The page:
“For years carpenters and other construction workers have been expected by contractors to pay for parking so that they can work in a city that’s no longer theirs. We are paying a hefty tax to work. We are not asking for anything unreasonable. We just want a little help from our bosses so we can park and do our jobs. It shouldn’t be the workers’ burden to bear,” said Arthur Esparza, a member of Carpenters Local 30.
Sawant congratulated rank-and-file carpenters, who struck beginning Sept. 16, courageously rejecting 4 tentative agreements, and earlier this week narrowly accepted a new contract proposal by the Associated General Contractors of Washington. The burden of parking costs was a big issue in the strike. “Credit must go to the rank-and-file union carpenters for raising the prominence of the pay-for-parking demand for all workers through their brave strike,” Sawant said. “All workers owe the carpenters a debt of gratitude for their demonstration of determination and tenacity, and for leading in this fight.”
“I have paid parking in my union contract, but many don’t,” said Logan Swan, a journeyman member of Ironworkers Local 86. “This is about raising the bar for all construction workers. Nobody should have to pay to work. Many officials have said they support my sister and brother carpenters, but I haven’t seen them follow up like Kshama, who consistently walks the walk. This is the chance for the rest of the City Council to stand with us where it counts, by supporting this legislation.”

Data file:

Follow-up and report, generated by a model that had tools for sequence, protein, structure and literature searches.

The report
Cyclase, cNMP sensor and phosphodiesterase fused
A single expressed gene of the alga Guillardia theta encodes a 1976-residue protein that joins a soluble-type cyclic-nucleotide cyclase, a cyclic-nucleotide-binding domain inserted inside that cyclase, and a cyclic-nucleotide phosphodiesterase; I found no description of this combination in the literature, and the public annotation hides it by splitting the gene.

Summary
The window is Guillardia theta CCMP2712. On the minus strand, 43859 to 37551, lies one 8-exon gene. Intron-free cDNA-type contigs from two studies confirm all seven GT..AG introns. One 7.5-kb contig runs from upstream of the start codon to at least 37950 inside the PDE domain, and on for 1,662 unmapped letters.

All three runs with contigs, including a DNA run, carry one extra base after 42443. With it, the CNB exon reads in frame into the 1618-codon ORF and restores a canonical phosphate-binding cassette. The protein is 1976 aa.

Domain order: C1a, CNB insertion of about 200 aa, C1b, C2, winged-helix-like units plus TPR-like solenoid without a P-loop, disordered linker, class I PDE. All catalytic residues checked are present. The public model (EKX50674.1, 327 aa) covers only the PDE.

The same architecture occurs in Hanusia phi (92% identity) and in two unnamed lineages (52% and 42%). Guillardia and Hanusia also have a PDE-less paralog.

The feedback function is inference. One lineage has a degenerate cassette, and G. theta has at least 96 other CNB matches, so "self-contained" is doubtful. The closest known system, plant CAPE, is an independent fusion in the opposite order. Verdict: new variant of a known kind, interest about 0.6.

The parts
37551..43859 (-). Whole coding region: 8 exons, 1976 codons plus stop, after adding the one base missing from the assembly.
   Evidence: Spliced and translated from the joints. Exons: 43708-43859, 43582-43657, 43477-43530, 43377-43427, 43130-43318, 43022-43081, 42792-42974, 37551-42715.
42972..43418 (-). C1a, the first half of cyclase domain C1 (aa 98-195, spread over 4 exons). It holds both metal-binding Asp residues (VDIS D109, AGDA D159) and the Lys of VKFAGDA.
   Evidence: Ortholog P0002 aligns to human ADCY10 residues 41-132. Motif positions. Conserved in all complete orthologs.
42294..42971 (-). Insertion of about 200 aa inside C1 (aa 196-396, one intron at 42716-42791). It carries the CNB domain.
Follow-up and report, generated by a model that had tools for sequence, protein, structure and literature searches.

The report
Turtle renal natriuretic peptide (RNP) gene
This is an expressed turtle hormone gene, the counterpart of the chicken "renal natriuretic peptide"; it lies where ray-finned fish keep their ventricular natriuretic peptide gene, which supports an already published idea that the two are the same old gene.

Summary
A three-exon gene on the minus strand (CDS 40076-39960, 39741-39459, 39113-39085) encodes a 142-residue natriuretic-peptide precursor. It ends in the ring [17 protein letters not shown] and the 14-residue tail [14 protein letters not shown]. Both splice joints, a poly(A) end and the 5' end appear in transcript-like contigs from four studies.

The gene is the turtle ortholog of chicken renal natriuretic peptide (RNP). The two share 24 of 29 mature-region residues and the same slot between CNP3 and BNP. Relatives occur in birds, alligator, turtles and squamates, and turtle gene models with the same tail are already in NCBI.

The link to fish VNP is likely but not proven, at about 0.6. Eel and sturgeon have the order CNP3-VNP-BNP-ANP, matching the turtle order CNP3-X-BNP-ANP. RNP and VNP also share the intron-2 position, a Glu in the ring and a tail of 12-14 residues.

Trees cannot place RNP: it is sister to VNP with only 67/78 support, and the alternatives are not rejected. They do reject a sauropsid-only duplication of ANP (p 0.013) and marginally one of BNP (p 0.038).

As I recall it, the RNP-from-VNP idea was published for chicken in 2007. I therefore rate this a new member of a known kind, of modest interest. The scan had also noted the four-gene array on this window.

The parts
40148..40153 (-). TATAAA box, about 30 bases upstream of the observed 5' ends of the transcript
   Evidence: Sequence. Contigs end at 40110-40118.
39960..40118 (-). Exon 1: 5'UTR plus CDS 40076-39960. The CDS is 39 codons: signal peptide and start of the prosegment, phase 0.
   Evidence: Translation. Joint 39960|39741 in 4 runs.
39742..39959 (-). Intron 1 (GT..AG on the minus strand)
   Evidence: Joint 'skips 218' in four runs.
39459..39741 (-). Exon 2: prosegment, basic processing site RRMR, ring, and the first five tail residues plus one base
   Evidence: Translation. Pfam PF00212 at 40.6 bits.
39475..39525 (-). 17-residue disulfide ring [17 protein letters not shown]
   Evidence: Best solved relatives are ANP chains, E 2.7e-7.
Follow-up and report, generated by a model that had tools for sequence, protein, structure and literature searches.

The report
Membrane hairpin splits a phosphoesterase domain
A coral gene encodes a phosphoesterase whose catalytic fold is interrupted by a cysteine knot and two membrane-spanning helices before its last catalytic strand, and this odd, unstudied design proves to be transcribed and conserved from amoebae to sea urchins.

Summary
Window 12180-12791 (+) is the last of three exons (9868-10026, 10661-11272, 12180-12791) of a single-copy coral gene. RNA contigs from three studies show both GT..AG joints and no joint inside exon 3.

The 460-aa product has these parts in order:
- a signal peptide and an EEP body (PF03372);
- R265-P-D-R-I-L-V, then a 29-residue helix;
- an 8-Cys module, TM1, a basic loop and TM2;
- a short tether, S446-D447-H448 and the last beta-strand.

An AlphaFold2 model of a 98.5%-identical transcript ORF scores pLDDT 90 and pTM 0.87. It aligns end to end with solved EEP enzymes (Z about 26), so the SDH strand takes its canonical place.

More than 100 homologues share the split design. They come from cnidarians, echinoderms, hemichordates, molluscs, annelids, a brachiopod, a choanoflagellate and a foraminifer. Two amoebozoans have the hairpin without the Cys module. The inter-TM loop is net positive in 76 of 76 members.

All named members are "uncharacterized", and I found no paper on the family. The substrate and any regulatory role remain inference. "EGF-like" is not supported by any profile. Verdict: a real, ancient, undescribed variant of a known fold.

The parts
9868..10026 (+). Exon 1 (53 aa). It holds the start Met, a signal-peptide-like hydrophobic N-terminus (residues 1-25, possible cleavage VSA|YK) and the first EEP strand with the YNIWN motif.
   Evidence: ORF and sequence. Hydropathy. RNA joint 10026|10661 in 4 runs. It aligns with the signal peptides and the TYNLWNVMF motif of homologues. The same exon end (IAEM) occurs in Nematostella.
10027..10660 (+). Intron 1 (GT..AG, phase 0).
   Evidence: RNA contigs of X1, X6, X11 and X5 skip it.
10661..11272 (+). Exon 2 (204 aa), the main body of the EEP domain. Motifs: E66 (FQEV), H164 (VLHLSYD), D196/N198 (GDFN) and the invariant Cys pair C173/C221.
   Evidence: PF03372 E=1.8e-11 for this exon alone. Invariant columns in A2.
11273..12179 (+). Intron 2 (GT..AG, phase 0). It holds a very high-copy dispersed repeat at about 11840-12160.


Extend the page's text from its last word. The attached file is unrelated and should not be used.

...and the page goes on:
Sawant said: “The carpenters’ fight is our fight to make Seattle affordable for all. And we know it won’t be easy, going up against the combined forces of the construction industry and the political establishment. But if our movement can win fully-paid parking, it will be a victory for all working people in Seattle, because it will strike an important blow against the wealthy elites, and show what is possible when the working class builds its collective power to fight back,” she said.
Sawant initially announced she would advance the paid parking legislation at a Sept. 22 press conference held with dozens of striking union carpenters. She followed up the press conference with an op-ed detailing the necessity of paid parking for the workers, and launched the community petition shortly after that.
Sawant noted that construction workers increasingly can’t afford to live in the city that they build, and are forced into commutes of up to 2 or even 3 hours a day, each way. Average home prices in Seattle last month were an astonishing $875,000, an increase of 9.5 percent over just the last year and more than double the average price of a decade ago. The median two-bedroom apartment in Seattle now rents for $2,170, with price hikes driven largely by corporate landlords.
“Seattle construction workers put their lives on the line every day to build the new downtown housing, but the developers and landlords have priced this housing out of reach for all but the very wealthy,” Sawant said. For instance, two-bedroom apartments at Rainier Square are listed at a staggering $6,200/month to $16,000/month, and condominiums at The Spire are priced from $485,000 for a small, 531-square-foot one-bedroom unit to $1.44 million for a family-sized unit, she noted.
“No construction workers, teachers, hotel workers, office workers, machinists, grocery workers, nurses, or other workers could possibly afford to live in these luxury high rises, and because of corporate landlord rent hikes, they increasingly can’t afford to live in ‘average’ apartments,” Sawant noted. “That is why, in addition to fighting for paid parking for construction workers – really, the least the bosses should do for them – our movement has to fight for an increase in the Amazon tax to fund union-built, publicly-controlled, affordable housing for working people.”